1) A game’s production time and costs have gone up considerably this generation! So they have indeed. That is not being disputed. The question is why is it taking so long to release a multi-million dollar game like Gran Turismo 5 when God of War 3 cost $44 million dollars, has insanely high production value and was developed and released in considerably less amount of time?

2) They’ll release it when they’re ready! Okay, put down the torches and pitchforks, Blizzard fanboys. This “excuse” of Blizzard’s gets old after a while. I’m sorry I’m picking on Blizzard so much, I really do have nothing but admiration for them. Not many (if any) developers can do what they do and still survive in this strained economy. To their credit, their games are outstanding. But, why does it take so long for them to be “ready”? What exactly is involved in being “ready” to release a title? How much polish can you actually put on a game? The same can be said to Polyphony Digital. You know, there is no end to the amount of cars you can put in the game and polish to an almost life-like presentation; you have to stop somewhere and just be happy with it. Starcraft II and Gran Turismo 5 will still sell millions if you released them right now as opposed to some undisclosed and arbitrary future “ready” date. Trust me.

3) Technical issues and localization. Okay, this one has the most merit of them all, however in this day and age, if you are pouring this much cash into one of these highly anticipated titles, there is no reason to not fix technical issues in a reasonable amount of time. I’ve also seen games localized very well in a short amount of time (Resonance of Fate, for example), as opposed to an ungodly 14 months (White Knight Chronicles).

Mind you, all this is just my theory, but it has happened to me on more than one occasion and with more than one game in the recent past. So, Grand Theft Auto IV: The Lost and the Damned finally came out on the PS3 last week. Does anyone still care? No, really, do you? Hey, Starcraft II might come out this year, but are you really still thinking about it besides when people remind you that it is on the horizon? Will we ever see Gran Turismo 5 in anything other than an endless stream of screen shots, videos and overpriced demos? All these games, in my opinion, are in the “negative hype” phase right now, so when they actually do come out, I fear there may be fewer people interested in them than there would have been. When I see high-quality games like Uncharted 2 and God of War 3 take infinitely less time in development than their counterparts, I tend to think the development time doesn’t have to be as long as some developers make it out to be. To me, it seems that they’re getting rather arrogant, considering themselves above everyone else just because their game spent so much time in development or it took too long to be released on a certain platform. In reality, they can think that all they want, but at the end of the day, does anyone still care?

What can be done to fix this? I don’t have anything against developers like Blizzard, Square-Enix or Polyphony Digital, but I do think they should reconsider the way they go about releasing information on upcoming titles, perhaps even taking a lesson from a certain hardware developer by the name of Apple. Here’s what Apple does – they announce a product that has possibly been in development for years, but only when they are a few months outside of actually releasing that product to the public. Imagine if the iPad was announced three years ago. Would anyone still care about it if all we’ve seen of it over the last three years was a snapshot here and there and Apple saying, “Yeah, it probably won’t come out this year”, or continually pushing the “release date” back for several years in a row? Not likely. So, instead of announcing the product when they’re years from release, they wait until development is drawing to a close, and… then they announce it. The hype goes through the roof and it never drops much, because the release date for the product is mere weeks away. When the product hits, they sell 300,000 of them without so much as a second thought in only a few hours on release day. This, in my opinion, is what game developers should aspire toward. And, truth be told, some are better at this than others.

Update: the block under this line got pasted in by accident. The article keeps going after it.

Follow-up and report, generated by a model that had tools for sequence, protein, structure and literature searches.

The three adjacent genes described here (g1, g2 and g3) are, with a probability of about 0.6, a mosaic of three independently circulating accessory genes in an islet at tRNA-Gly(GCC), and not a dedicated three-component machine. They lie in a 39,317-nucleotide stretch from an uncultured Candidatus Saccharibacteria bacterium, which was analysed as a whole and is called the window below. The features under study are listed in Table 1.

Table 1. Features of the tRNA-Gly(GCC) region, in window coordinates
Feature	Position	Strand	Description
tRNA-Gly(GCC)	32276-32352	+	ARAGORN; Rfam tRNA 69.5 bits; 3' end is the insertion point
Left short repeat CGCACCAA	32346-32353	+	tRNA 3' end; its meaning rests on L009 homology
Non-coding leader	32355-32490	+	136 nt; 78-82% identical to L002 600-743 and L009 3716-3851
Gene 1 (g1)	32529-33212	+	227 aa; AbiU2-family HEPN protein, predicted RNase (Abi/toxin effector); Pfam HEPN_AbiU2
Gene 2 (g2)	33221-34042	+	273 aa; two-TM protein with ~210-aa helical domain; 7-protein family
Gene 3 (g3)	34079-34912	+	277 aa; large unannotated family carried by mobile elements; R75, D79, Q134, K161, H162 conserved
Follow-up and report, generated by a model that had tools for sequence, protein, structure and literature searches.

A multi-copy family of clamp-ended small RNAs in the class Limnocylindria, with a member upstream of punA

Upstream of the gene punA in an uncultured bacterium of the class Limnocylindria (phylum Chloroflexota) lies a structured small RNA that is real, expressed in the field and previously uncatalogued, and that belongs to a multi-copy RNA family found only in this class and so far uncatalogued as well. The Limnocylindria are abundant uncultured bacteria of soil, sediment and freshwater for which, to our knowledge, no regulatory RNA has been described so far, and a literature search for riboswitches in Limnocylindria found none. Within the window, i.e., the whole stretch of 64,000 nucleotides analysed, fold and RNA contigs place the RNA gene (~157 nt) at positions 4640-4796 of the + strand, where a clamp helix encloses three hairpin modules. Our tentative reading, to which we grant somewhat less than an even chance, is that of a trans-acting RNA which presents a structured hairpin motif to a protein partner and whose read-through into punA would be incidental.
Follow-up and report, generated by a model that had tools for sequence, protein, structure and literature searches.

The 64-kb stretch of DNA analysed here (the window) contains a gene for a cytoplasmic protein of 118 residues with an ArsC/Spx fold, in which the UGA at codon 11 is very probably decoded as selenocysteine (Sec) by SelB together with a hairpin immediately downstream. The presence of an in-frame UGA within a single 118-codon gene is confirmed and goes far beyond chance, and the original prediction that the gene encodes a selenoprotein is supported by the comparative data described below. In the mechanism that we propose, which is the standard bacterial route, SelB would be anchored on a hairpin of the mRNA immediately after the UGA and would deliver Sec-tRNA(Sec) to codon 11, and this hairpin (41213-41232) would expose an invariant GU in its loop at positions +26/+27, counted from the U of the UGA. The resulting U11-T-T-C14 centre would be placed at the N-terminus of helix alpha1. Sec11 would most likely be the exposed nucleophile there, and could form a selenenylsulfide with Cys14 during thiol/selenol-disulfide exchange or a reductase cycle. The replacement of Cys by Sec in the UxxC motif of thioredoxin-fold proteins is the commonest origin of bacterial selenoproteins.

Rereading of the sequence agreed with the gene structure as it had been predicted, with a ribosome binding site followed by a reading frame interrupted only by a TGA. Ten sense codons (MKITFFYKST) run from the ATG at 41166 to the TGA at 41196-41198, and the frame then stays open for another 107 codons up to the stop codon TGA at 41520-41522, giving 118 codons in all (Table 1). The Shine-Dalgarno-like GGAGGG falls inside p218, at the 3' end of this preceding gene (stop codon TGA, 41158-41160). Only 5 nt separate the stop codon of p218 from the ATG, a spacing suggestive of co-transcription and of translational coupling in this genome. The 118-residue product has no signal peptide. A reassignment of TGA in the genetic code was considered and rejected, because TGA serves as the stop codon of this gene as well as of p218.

What do you think? Can a game’s hype backfire on the developer because of the length of time it may spend in the development or release process? I’d be interested to see other opinions on the matter. Are you still looking forward to Warstarblocraft II? Gran Turismo 5? Any other titles that you know are in development but seem to be lost in limbo?

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Chad Awkerman

Chad joined the DualShockers staff in mid 2009 and since then has put much of his time into covering RPGs, with a focus on the Japanese side of the genre, from the obscure to the mainstream. He's a huge fan of iconic games like Secret of Mana, Final Fantasy VI and Persona 4 yet enjoys the smaller niche titles, as well. In his spare time he enjoys experiencing new beer, new foods and keeping up with just about every sci-fi show on television. He's married to an intelligent, beautiful Southern Belle who keeps his life interesting with witty banter and spicy Cajun cooking.